DDO account: https://www.debate.org/tejretics/
== Introduction ==
I’m a senior in high school who’s interested in economics (development economics in particular, as well as applied econometrics and public economics), political science (specifically public choice, some comparative politics, and social policy), math, and statistics. I spend most of my free time reading interesting books, studying from random textbooks on subjects I like, taking online courses, blogging, watching things on Netflix, and listening to music. As a person, I’m fairly introverted and quite curious about things I’m interested in.
My life’s priority is to do as much as I can to help people in need (subject to the constraint of having a good quality of life for myself). I was born into a fairly large amount of social and economic privilege, especially relative to other people from the country I’m from, and being aware of that makes me feel a strong moral urge to do what I can to rectify social inequalities, on both regional and global levels.
== Beliefs ==
As far as personal beliefs go, I’m deeply uncertain on most things and increasingly unwilling to jump to conclusions. I think the best resolution to moral uncertainty is to (1) act as if moral realism were true (cf. Huemer’s ontological argument for moral realism) and (2) determine moral desirability based on expected value calculations (i.e., the product of the likelihood that an ethical theory is true and the importance that said ethical theory places on acting in a certain way). In this respect, I’m highly influenced by philosopher Will MacAskill. I think the most likely ethical theory, if moral realism were true, would be either preference utilitarianism or classical utilitarianism, though I’m open to being convinced otherwise. Moral uncertainty would typically entail respecting side constraints of human rights, though, even if they aren’t already entailed by rule utilitarianism.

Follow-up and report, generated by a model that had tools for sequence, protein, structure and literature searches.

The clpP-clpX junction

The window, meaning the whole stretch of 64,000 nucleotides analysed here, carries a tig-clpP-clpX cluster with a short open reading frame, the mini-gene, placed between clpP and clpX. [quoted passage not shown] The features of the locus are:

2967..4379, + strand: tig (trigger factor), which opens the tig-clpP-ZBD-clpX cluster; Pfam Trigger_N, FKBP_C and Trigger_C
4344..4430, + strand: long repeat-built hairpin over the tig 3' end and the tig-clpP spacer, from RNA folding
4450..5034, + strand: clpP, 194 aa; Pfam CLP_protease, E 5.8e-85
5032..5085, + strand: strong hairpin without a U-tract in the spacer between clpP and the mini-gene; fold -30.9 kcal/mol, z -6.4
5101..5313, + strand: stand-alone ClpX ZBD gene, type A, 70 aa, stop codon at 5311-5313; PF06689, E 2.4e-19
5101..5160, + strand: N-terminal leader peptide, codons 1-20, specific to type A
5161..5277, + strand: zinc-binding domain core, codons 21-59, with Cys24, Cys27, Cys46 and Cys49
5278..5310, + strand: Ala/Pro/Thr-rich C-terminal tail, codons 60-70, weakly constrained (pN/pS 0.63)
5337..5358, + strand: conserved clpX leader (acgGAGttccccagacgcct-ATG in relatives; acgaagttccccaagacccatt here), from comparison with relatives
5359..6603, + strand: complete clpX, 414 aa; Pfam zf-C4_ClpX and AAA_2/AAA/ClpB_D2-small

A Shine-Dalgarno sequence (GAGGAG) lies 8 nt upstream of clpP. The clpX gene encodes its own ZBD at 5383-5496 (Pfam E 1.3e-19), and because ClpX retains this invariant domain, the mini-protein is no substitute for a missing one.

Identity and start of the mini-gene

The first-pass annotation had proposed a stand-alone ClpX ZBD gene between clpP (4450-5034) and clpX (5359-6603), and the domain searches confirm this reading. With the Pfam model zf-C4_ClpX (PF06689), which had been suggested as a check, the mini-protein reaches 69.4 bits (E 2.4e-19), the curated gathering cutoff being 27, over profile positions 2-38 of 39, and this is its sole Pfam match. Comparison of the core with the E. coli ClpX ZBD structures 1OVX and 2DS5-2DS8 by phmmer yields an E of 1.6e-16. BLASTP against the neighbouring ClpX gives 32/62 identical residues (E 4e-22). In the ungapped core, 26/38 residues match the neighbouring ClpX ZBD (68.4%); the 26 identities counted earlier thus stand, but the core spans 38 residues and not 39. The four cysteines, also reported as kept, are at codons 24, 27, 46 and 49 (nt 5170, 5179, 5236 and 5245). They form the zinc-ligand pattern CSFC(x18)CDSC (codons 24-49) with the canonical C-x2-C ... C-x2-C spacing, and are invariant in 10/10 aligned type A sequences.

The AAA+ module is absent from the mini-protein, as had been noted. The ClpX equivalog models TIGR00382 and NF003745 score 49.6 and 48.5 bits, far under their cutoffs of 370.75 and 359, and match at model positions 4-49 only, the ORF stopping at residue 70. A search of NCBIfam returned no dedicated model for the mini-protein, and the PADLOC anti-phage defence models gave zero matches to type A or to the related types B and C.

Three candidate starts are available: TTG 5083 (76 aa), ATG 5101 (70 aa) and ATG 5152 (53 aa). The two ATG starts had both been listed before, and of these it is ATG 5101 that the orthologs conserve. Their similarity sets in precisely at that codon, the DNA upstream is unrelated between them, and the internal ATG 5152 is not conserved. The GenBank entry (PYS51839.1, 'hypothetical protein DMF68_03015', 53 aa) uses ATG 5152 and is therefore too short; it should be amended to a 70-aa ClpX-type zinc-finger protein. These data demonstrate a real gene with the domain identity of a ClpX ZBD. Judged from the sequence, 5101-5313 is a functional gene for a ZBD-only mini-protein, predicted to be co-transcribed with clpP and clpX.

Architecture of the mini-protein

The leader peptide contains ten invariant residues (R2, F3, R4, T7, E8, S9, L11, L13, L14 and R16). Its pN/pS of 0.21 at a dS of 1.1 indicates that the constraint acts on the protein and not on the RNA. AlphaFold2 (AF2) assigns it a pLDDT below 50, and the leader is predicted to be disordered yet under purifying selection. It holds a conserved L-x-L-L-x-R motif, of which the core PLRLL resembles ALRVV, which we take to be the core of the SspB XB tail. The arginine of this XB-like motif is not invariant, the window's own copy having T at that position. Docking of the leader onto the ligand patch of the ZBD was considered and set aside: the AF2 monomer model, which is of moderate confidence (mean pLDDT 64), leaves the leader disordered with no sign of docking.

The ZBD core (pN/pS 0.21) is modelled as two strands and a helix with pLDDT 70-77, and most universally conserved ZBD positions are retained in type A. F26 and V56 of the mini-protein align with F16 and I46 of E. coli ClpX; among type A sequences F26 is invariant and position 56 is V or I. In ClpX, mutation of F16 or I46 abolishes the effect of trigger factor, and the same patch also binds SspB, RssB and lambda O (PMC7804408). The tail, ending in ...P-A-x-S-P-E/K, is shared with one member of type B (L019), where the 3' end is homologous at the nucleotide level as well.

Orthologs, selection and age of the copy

I generally default to the consensus view (among experts who’ve studied the subjects in question) on positive questions, if such a view exists, unless I’ve thoroughly studied a particular issue (which I can say is true for very few issues). That generally leads me to centrist economic positions (including social policy and development), left-leaning positions on social issues, and high uncertainty on foreign policy. I believe in market economies and independent central banks. I’m also an agnostic atheist who is neutral about whether religion is a net positive force for society (though my intuition suspects that it is).